Nursing Home Staff Turnover Increases Health and Safety Risks for Residents: Study
Research has long shown that low staffing in nursing homes reduces the quality of care provided to residents, but the findings of a new study indicate that frequent staffing turnover also has an impact, and may increase the risk of nursing home neglect injuries.
During an average week, roughly 15% of staff members working in nursing home facilities are new employees still learning about their new patients, their jobs, and the facility, according to a group of U.S. researchers. However, some facilities have turnover rates as high as 125%, which can have an outsized impact on the quality of care.
In a report published on October 9 in the journal JAMA Internal Medicine, researchers from Johns Hopkins Bloomberg School of Public Health, the University of California, Los Angeles (UCLA); and the University of Rochester, New York, conducted a cross-sectional study evaluating data from nearly 14,000 nursing home facilities to confirm the impact of nursing home staff turnover.
Researchers used data from the U.S. Centers for Medicare & Medicaid Services on health inspection citations and quality measures at U.S. nursing homes. The researchers then combined the data with turnover information derived from daily staffing payroll data from 2017 to 2019. The data covered 1.06 billion shifts for more than 7.48 million employees at 15,869 facilities.
According to the findings, during an average week 15% of nursing home staff and nearly 12% of nursing home administrators were new hires.
Each facility had roughly an average of six citations for issues involving the quality of nursing home care provided. However, if turnover at a nursing home was 10% higher than normal in the two weeks before an inspection, researchers found that the nursing home saw a 4% increased risk of receiving a citation for nursing home neglect and other deficiencies.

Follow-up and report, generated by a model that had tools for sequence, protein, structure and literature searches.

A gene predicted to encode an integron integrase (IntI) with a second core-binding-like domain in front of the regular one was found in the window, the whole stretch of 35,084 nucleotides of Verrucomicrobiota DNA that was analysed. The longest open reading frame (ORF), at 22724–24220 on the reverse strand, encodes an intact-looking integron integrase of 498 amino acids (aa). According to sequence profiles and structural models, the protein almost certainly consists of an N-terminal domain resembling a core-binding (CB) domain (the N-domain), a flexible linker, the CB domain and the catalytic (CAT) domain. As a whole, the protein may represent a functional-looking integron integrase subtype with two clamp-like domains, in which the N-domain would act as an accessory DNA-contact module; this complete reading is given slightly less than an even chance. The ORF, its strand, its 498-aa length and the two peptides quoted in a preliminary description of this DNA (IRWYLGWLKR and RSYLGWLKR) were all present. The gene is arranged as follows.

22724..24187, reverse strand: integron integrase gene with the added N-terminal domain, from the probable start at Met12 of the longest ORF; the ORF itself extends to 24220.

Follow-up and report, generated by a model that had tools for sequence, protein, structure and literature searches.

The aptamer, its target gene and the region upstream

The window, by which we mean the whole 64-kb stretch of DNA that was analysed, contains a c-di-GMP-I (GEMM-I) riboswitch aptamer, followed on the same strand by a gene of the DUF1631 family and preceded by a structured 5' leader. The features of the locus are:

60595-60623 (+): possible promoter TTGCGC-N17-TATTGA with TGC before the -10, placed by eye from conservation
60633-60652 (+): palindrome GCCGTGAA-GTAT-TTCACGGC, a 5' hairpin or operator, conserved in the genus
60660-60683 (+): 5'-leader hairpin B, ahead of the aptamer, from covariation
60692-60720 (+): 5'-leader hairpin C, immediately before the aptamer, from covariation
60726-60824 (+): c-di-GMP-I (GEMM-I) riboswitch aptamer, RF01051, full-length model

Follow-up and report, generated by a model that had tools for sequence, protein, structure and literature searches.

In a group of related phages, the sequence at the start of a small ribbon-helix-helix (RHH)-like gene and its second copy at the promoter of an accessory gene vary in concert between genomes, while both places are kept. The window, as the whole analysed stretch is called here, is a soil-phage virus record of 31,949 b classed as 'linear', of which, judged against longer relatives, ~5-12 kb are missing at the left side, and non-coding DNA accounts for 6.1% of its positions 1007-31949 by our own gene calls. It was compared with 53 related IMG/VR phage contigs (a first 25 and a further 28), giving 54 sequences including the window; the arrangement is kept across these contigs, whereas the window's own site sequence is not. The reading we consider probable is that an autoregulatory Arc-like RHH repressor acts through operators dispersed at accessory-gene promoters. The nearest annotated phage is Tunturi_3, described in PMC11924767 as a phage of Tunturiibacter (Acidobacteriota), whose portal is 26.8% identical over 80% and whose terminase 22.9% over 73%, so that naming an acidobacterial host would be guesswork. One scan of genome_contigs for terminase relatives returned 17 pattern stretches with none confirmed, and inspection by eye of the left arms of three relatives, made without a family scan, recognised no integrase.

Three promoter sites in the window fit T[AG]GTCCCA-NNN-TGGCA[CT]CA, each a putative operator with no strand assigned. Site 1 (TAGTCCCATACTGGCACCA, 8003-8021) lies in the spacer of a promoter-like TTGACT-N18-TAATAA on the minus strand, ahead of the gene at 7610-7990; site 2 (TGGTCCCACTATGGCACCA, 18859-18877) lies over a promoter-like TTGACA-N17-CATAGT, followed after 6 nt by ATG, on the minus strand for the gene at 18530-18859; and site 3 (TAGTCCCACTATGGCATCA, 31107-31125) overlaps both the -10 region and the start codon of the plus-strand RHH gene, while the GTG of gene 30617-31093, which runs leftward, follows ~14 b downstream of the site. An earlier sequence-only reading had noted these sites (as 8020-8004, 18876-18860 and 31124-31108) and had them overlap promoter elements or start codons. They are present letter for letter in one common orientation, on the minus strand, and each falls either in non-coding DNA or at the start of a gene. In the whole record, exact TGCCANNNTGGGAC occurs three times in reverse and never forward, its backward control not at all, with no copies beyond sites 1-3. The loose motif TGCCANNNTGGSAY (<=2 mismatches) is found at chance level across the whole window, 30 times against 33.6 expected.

A 10% increase in nursing staff turnover was also linked to a decrease in quality measures for patients and reduced patient functioning, the data indicates.
Nursing Home Staffing Turnover Risks
Prior research has linked nursing home staffing shortages to reduced quality of care and increased COVID-19 deaths during the pandemic.
Additionally, staffing shortages make it harder for hospitals to discharge elderly patients back to nursing homes and receive new admissions because the nursing homes are short-staffed and unable to care for the existing patients, previous researcher has indicated.
But the findings of the new study indicate staffing turnover rates, not just shortages, also lead to reduced care among patients. Periods of high turnover of nursing staff are linked to lower quality of care along multiple measures, according to health inspection citations and resident assessments.
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Turnover disrupts patient care and leads to operational difficulties, including missed or late medications and less frequent check-ins, the researchers determined.
The White House recently announced plans to impose new mandatory requirements for nursing home staffing hours. But these latest findings indicate staffing hours and nursing home staff turnover are both critical factors for patient quality care.
“Within-facility variation in staff turnover was associated with decreased quality of care,” the researchers concluded. “These findings suggest that efforts to monitor and reduce staff turnover may be able to improve patient outcomes.”
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